This is a very specifically focused history of American submarines as they are used in espionage. While there's some other history here and there, it's largely focused on the Cold War. Some of these stories I had heard or read parts of before, some were new to me.

What I give the authors huge credit for is that, while it would be easy to just talk about facts and figures and dates, they went the extra step. A lot of what is discussed, especially towards the end, is the toll that both the mission
Shane Phillips
May 19, 2018 rated it really liked it  ·  review of another edition
These are some amazing stories. Secretly placing a 6 ton recording device on a Russian underwater cable just off the coast of Russia that can record a years worth of Russian military communications is just crazy. But, it happened.
Stephen Phillips
Many chapters of the Cold War were unseen and unknown to the general public. Among the most secret operations were those conducted undersea by the U.S. Navy’s submarine force. In Blind Man’s Bluff: The Untold Story of American Submarine Espionage, Sherry Sontag and Christopher Drew tell tales derived from interviewing submariners that include technological marvels and unparalleled courage.

Before reading this book, most have a perception of the submarine force consisting of two main missions, a
Mar 12, 2008 rated it liked it
Excellent narrative of submarine warfar with a Tom Clancy touch. An early sub, Cochino, that went down in ’49 from a fire from the batteries. 10 men were lost from Sub Tusk in rescue attempt. The sub world is filled with games of tag and chicken that were incredibly dangerous for the crews and world peace. In 1958, the first US sub Gudgeon was forced to surface from being caught by the soviets in their traditional areas. Much of the book is about the Navies tapping of Soviet communication cables ...more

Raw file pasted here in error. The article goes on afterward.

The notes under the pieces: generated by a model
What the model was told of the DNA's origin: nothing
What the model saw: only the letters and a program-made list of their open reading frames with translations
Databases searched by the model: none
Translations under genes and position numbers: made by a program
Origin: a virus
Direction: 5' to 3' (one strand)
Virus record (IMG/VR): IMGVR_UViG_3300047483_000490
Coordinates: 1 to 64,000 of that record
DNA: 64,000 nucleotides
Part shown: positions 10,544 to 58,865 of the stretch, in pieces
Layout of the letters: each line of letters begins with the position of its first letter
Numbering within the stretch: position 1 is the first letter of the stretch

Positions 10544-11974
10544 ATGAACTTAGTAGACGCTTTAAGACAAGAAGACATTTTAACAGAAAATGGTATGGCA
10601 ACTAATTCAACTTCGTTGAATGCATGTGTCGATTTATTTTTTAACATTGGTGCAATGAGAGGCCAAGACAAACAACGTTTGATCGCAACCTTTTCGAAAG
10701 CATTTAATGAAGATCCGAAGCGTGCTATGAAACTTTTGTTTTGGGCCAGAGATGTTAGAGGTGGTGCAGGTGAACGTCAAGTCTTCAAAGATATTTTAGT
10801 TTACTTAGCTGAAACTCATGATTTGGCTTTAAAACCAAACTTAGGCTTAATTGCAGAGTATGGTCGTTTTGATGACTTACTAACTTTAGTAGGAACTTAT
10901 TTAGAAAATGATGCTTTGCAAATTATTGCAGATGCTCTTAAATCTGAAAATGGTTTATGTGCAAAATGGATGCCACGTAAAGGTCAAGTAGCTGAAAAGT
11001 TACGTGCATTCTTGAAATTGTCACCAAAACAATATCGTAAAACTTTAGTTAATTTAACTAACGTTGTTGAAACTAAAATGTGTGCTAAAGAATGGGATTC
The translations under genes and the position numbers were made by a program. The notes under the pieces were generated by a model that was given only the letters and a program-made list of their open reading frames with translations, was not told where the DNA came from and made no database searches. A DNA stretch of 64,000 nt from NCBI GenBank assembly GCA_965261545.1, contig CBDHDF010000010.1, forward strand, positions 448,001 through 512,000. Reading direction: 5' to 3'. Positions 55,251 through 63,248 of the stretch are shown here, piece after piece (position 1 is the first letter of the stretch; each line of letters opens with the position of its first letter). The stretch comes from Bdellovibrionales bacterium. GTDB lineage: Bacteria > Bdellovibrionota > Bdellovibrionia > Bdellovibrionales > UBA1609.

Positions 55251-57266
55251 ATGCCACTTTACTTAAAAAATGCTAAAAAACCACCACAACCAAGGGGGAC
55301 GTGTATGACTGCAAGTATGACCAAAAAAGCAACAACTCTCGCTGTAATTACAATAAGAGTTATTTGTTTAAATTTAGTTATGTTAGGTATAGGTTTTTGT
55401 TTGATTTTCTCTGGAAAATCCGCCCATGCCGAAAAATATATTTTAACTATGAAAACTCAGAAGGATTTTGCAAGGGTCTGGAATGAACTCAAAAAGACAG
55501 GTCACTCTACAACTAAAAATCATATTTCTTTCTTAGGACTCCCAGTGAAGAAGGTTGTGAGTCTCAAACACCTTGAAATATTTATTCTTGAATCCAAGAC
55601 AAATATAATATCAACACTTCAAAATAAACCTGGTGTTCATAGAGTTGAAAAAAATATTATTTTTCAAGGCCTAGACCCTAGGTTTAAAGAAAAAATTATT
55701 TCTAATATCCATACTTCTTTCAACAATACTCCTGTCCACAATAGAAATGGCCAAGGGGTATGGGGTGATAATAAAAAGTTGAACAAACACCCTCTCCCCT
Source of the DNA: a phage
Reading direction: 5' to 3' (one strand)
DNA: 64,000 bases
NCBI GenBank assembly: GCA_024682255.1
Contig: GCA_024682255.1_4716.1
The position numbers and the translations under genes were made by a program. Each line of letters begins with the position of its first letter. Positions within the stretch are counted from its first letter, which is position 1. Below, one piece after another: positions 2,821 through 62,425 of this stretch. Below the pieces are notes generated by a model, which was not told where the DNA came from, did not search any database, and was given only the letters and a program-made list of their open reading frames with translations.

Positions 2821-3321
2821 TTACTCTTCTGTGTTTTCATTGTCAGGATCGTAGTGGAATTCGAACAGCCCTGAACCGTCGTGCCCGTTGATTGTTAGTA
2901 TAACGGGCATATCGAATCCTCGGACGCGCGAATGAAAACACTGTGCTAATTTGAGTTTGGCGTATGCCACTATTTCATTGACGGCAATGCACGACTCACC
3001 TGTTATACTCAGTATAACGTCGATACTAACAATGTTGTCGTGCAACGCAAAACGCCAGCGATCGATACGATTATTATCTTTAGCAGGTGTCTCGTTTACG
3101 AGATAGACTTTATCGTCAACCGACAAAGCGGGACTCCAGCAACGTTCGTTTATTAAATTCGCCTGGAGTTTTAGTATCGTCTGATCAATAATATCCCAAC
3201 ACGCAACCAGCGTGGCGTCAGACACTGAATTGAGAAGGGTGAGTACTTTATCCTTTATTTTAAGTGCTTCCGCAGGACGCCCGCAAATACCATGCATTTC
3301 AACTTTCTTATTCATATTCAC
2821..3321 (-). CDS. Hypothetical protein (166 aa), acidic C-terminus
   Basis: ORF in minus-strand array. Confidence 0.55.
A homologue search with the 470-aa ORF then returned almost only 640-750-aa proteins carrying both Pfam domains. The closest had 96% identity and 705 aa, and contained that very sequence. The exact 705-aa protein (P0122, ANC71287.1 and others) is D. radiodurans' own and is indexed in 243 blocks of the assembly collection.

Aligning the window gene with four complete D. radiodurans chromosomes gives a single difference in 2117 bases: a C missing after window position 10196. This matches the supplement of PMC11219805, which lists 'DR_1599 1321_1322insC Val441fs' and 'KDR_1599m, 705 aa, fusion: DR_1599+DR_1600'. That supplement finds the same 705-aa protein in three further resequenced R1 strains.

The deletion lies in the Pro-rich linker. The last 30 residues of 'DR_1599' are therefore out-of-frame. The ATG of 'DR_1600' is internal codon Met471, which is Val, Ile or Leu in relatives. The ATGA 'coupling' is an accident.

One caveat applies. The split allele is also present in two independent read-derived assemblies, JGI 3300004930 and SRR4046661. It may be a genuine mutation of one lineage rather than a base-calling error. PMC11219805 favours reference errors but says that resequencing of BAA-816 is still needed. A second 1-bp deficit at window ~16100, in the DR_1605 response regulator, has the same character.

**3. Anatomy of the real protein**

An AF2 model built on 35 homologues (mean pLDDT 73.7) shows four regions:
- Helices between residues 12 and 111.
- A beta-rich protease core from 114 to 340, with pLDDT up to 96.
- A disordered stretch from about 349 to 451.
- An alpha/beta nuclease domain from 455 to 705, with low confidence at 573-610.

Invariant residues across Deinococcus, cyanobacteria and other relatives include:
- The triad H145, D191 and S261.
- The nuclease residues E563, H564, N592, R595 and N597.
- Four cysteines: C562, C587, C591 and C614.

Lori Krause
I highly recommend this book to anyone who loves true history written in the finest narrative. Several times I found myself lost in the pages, somewhere between paragraphs. I am somewhat biased since I love historical naval warfare. That said, it doesn't mean I can't spot a truly riveting recall of adventure and courage. Blind Man's Bluff is simply one of the best naval recounts I have read. The fact that it is true only adds to it's amazing, intrigue. One of my favorite recounts is during the a ...more
Mar 29, 2013 rated it it was amazing
Dr. John Craven was Visiting Professor of Ocean Engineering at MIT during 1969-1971 between some of his U.S. Navy assignments. He arranged an interview for me after I got my OE Master's degree in 1971. As a result of that interview, my next nine years on active duty were the most thrilling of my life. This book relates only a fraction of the amazing ocean technology feats during those years.
Mar 28, 2014 added it
Very good! Never knew any of this. Well. I did know about the Glomar Explorer fiasco.
Apr 21, 2021 rated it it was amazing  ·  review of another edition
Wow. I'm not a military history buff by any means. In fact, I only started this book because my son was a Nuclear Power Tech in the Navy and now tests the subs as they are built or refurbished. His friends who know said this book was so accurate they were surprised the authors weren't charged with revealing official secrets. There are things in here no one has ever talked about. So I read it to give me something to talk about with my son. I'm really glad I did.

There are a lot of details and name